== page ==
Hunting for sport – and food

By: Jim Linsdau News Messenger/Placer Herald Sports Editor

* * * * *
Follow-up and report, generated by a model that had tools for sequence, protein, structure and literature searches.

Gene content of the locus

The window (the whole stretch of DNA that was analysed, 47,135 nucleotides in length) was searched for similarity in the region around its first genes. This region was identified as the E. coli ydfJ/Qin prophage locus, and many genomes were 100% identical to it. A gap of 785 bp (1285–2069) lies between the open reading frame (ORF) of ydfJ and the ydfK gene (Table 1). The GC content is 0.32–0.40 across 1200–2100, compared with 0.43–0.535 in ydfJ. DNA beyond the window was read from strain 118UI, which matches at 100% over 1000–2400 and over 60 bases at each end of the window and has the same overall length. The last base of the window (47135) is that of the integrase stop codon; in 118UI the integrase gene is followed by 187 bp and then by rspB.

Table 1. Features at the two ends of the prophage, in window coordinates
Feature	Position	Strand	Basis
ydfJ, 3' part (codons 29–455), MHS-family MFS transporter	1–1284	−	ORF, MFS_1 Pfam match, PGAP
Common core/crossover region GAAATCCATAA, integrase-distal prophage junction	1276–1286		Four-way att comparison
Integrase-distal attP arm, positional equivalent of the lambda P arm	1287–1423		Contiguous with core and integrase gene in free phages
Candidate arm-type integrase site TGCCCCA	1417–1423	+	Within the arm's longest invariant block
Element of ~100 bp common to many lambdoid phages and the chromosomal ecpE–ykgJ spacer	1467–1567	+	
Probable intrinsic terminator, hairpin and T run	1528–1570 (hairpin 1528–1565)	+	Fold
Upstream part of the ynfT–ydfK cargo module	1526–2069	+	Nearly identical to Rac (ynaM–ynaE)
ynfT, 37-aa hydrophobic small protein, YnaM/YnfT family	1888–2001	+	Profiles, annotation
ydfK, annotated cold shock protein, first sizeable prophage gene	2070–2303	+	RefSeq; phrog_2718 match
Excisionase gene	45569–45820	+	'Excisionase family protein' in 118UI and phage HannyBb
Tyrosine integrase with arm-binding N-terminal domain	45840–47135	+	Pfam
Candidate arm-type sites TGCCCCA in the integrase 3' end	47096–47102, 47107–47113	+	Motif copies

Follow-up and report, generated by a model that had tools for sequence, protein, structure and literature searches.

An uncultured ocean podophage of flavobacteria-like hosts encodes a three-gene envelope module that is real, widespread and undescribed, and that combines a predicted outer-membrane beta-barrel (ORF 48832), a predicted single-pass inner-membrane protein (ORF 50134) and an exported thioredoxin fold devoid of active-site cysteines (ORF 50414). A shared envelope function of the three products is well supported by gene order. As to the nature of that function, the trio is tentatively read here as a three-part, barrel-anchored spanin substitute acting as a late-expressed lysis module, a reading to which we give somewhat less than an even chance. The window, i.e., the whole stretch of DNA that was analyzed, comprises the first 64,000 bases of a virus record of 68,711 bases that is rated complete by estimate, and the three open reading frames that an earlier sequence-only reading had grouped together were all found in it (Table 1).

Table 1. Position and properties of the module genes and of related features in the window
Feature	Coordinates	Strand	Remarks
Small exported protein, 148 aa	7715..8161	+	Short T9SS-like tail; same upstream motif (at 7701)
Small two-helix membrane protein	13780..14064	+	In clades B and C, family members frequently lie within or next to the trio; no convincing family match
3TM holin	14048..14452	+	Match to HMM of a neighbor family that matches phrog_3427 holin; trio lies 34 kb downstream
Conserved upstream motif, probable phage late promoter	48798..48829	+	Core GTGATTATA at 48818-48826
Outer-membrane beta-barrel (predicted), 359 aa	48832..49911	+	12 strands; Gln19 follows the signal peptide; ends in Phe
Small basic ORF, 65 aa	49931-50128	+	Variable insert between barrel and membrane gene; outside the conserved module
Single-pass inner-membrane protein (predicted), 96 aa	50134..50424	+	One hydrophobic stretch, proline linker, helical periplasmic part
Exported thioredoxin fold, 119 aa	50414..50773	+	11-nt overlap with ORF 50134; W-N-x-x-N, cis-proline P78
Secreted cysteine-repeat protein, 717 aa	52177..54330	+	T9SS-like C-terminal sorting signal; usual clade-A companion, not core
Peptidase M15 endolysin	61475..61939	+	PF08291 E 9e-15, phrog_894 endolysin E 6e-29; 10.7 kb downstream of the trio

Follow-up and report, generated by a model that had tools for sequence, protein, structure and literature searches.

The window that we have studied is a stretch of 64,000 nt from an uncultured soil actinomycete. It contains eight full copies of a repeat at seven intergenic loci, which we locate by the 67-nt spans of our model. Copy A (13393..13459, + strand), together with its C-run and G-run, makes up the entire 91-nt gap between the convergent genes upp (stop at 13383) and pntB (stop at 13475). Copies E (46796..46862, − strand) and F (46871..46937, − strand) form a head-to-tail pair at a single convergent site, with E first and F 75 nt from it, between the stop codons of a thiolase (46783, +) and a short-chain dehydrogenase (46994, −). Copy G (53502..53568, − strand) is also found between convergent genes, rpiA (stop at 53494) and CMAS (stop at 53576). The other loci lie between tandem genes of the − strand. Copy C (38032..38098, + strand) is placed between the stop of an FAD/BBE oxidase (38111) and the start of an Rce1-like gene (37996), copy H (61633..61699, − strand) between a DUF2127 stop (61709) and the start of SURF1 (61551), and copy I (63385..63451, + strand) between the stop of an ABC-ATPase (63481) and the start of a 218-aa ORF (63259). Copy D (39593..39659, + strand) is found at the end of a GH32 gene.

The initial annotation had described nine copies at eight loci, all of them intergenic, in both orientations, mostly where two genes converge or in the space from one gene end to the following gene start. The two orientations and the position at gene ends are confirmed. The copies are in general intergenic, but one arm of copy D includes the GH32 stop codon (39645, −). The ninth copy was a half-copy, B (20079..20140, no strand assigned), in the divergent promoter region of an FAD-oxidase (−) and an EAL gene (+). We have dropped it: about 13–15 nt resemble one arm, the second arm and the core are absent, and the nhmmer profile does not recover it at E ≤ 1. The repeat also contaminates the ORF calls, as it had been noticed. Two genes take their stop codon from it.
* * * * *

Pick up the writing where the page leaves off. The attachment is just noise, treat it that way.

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I inquired of George deVilbiss as to a book written on the values that are passed down from father to son and daughter that come from learning to hunt and fish. Learning to deal with the wiles and wonders of the great outdoors is as old as mankind. The art of hunting and fishing were originally taught to feed oneself, one’s family, or even one’s tribe or village. The idea of trophy hunting and fishing came into existence when improved economies made it no longer necessary to pursue game for food. It then became sport. This is not to imply hunters and fishermen today don’t eat the game they catch or kill, they do, but the necessity of it isn’t as great now as it once was. But, because of a book George brought to my attention, hunting and fishing for food may be coming back. Being someone who grew up in Wyoming, hunting and fishing for food was not uncommon. Elk and deer meat were common fare and most had a favorite recipe for trout. In fact, eating game got me through my first year at the University of Wyoming. My family did a lot of hunting and fishing, and my roommate’s family owned a farm. He brought the vegetables to school and I brought the entree. We were able to get through school on just the money we earned over summer vacation. The book, “The Beginner’s Guide to Hunting Deer for Food” by Jackson Landers, an outdoor writer, is rapidly catching on. Landers grew up in a vegetarian family and said hunting for food is the next best thing to being a vegetarian. Being from Virginia, Landers sticks strictly with eating venison (deer meat). He said it contains very little fat and has no injected hormones or antibiotics. He likens it to the perfect dish for those who prefer organically grown. Landers said the success of his book comes from what he described as a sudden increase in people who want to learn how to hunt as a source of obtaining local food. That would translate into hunting as close to home as one could and still find wild game. The author also offers tips on reducing that “gamy” taste of wild game. He said that comes largely from the method used to dress the kill. He said if beef was handled the way some hunters go about butchering a deer it would taste gamy as well. DeVilbiss also had a good column on reducing the “fish” taste of trout in his last column. Without father’s passing down those secrets to their offspring much of this information gets lost. I would hope our economy doesn’t sink to the point families would go hungry if unable to bag a deer or catch a big salmon for dinner. But if it supplements the diet that’s good, and more wild meat in the freezer means spending less at the grocery store. Reducing demand for domestically grown protein could also help bring down the price of it. For more information on Landers and his book visit